On Sunday afternoon the Golden Knights were in a situation they’ve admittedly found themselves in too often this year. Down a goal late, Pete DeBoer called Laurent Brossoit to the bench with just under two minutes left in an attempt to score the game-tying goal.
For the sixth time this year, the Golden Knights found the back of the net with their goalie on the bench and a sixth skater on the ice. That’s the fourth most of any team in the NHL this year and ties most by a Golden Knights team in a season ever.
In fact, in just 35 games, the Golden Knights have scored more goals with their net empty than they did in the last 100 regular season games.
The question becomes, why?
We’ll start with the coach-speak answer, but one that certainly has quite a bit of validity.
There’s never any panic with our group in those situations, there’s a calmness which you need. If you are running around trying to make something happen you can’t enter with possession. You’ve got to have a calmness to your group to get organized, to get set up, and to know that we’re getting the goalie out early enough that the clock is our friend, and we don’t have to rush or force anything. I think our guys get that concept. -DeBoer
Along with calmness, there’s definitely a sense of belief that shines through. As DeBoer says, panic rarely, if ever, sets in, which allows the Golden Knights to continue stacking up chances until one goes in.
As for the player reasoning, it’s a bit more specific.
We’ve talked about a few things systematically that have worked. From up top we are setting up with good shooting opportunities for me and Theodore and whoever else is at the top with us whether it’s Pacioretty or Marchessault or whoever. And if you look at all the success we’ve had at 6-on-5, it’s because we have guys standing in front of the net. You’ve got two people in front and us shooting up top it’s obviously pretty difficult for the goalie to see it. Also, you want to create those scrums so you can get those second opportunities because you have the extra guy out there. -Pietrangelo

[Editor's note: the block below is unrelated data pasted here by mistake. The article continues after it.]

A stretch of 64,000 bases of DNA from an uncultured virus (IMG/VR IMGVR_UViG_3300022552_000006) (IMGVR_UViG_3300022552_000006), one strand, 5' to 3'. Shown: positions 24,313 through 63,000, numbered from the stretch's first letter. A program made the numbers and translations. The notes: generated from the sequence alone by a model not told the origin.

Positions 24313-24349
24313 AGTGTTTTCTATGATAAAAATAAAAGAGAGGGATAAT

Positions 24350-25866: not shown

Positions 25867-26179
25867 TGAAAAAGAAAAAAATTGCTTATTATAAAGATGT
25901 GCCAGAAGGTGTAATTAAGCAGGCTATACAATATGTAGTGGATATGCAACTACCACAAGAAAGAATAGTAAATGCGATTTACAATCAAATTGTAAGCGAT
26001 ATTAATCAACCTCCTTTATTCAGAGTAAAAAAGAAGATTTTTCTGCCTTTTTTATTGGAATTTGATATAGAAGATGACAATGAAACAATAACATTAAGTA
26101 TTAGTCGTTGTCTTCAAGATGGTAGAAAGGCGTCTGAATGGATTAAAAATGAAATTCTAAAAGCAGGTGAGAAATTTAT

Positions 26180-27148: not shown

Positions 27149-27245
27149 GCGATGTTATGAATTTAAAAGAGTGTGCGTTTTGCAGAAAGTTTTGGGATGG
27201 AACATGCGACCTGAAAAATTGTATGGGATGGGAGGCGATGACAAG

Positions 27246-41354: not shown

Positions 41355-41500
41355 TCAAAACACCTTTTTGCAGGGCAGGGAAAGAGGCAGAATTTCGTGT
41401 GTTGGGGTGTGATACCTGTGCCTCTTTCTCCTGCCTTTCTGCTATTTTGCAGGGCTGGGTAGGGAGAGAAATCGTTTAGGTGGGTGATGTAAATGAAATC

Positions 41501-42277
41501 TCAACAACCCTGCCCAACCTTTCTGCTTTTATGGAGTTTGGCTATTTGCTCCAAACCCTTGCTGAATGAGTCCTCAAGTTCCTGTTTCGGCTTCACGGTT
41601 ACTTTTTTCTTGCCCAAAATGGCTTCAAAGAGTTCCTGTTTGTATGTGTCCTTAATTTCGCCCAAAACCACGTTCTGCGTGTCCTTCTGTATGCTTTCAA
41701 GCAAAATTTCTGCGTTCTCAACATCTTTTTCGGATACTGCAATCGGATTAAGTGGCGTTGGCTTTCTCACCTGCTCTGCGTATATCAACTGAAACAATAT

If you look at a still frame from the shot that led to the goal on Sunday, it’s pretty clear what he’s is talking about.
There are actually three players down around the goalie and two of them are directly in the Connor Hellebuyck’s sightline of the puck.
Another reason the Golden Knights have had this much success is their ability to re-enter the zone with their own net empty. Just in the final 100 seconds of the game, Vegas was able to enter the zone successfully three times with the net pulled. There have been two main principles that have helped them in this area.
First, with the extra man, they commit numbers to board battles which usually leads to either Vegas winning the puck, or a hopeless clearance attempt from the opponent. Second, the Golden Knights have been strong at keeping pucks in the zone at the blue line. Both Theodore and Pietrangelo have quick enough hands to settle the puck and then move it before the pressure arrives.
Because of both, this has allowed the Golden Knights tons of zone time that other teams (and VGK teams of the past) have not enjoyed with their own net empty.
When I asked both DeBoer and Pietrangelo about the success though, both went to the same place fairly quickly in speaking about it.
Unfortunately, we’ve probably been in that situation more than we’ve wanted to which leads to a little bit of confidence. Hopefully we can rectify that and not be in the situations where we have to pull our goalie and have to come back. -DeBoer
Too much experience, I guess, that’s not a good thing. We want to make sure we are not getting in those situations. -Pietrangelo
The Golden Knights have played 25:08 with their net empty this season, more than all but three other teams in the NHL. Last year, in 56 games, Vegas had six skaters on the ice for just 27:10 over the course of the entire 56-game season. And, since the franchise’s first season, only the Boston Bruins have spent less time with their net empty than the Golden Knights.
The objective moving forward will be to stay out of this situation as often as possible. But, if it does come to it, which it will from time to time no matter how well they are playing, being a dominant 6-on-5 team is a dangerous tool to have in the bag.